Literally translating to “fried rice”, Nasi Goreng is simply Indonesia’s “twist” to a classic Asian stir-fried rice dish. In fact, its local popularity has earned it the title of the country’s national dish. Compared to other Asian varieties of fried rice, specifically to its Chinese counterparts, Nasi Goreng is distinct for its aroma and deep earthy, smoky flavor, which may be attributed to the generous use of caramelized soy sauce(locally known as Kecap Manis) and shrimp paste(locally called terasi).
Apart from these two essential ingredients, more locally common aromatics such as shallots, ginger, garlic, and chilis are added, giving the Nasi Goreng more spice and flavor in comparison to fried rice dishes from other Asian countries.
Various local takes on the dish feature the use of other various ingredients such as chicken, mutton, beef, seafood, mushrooms, or beans. For this recipe, we’ll be going for the most common variety with chicken and eggs.
I used ground chicken to get my meat component more evenly distributed into the rice dish. It would also be possible to use chunkier strips or slices of course.
Once the ground chicken is fully cooked in your pan, add the aromatics in. Sautee the garlic and shallots until slightly soft and aromatic, just make sure that they don’t start burning.
The shrimp paste goes in next. This should take just a bit of sauteeing since I went for those pre-cooked pastes that come in bottles.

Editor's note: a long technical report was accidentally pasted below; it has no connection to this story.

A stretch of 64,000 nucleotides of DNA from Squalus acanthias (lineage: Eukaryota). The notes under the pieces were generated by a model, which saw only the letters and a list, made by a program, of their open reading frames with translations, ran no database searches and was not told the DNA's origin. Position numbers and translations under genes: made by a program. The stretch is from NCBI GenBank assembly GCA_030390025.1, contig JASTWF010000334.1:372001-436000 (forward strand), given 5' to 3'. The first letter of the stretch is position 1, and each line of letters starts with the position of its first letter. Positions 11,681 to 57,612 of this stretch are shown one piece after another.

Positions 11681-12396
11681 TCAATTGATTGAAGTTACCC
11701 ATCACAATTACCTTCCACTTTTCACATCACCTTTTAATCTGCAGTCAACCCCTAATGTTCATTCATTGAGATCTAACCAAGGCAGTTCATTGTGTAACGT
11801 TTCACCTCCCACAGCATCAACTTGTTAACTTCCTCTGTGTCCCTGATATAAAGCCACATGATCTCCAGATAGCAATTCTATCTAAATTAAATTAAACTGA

The cooked rice goes in next. When making any fried rice dish, I strongly suggest that you cook your rice a day ahead and store it in the chiller. This overnight rest should make those grains stronger so they don’t easily break as you stir them with the other ingredients inside the wok.
The seasoning goes in now. Using authentic Kecap Manis would of course be necessary for authentic results. It does have a distinct sweet and smoky flavor, that you won’t get from ordinary types of soy sauce.
It would also be common to add some fish sauce at this point for more flavor. However, I do find the flavors from the shrimp paste and kecap manis enough for my taste.
Push the rice to the sides of the wok, making a well in the center. Add a little splash of oil, pour the beaten eggs in and give it a minute or so to cook. Then, break the eggs into pieces with your spatula and toss it into the rice.
Alternatively, you may fry the eggs in a separate pan and cut it into strips before tossing them into your Nasi Goreng.
Finally, give your rice a final seasoning of salt, fish sauce, or kecap manis, and top it with some chopped spring onions.
Typically served with eggs, this excellent fried rice dish is indeed a tasty meal on its own.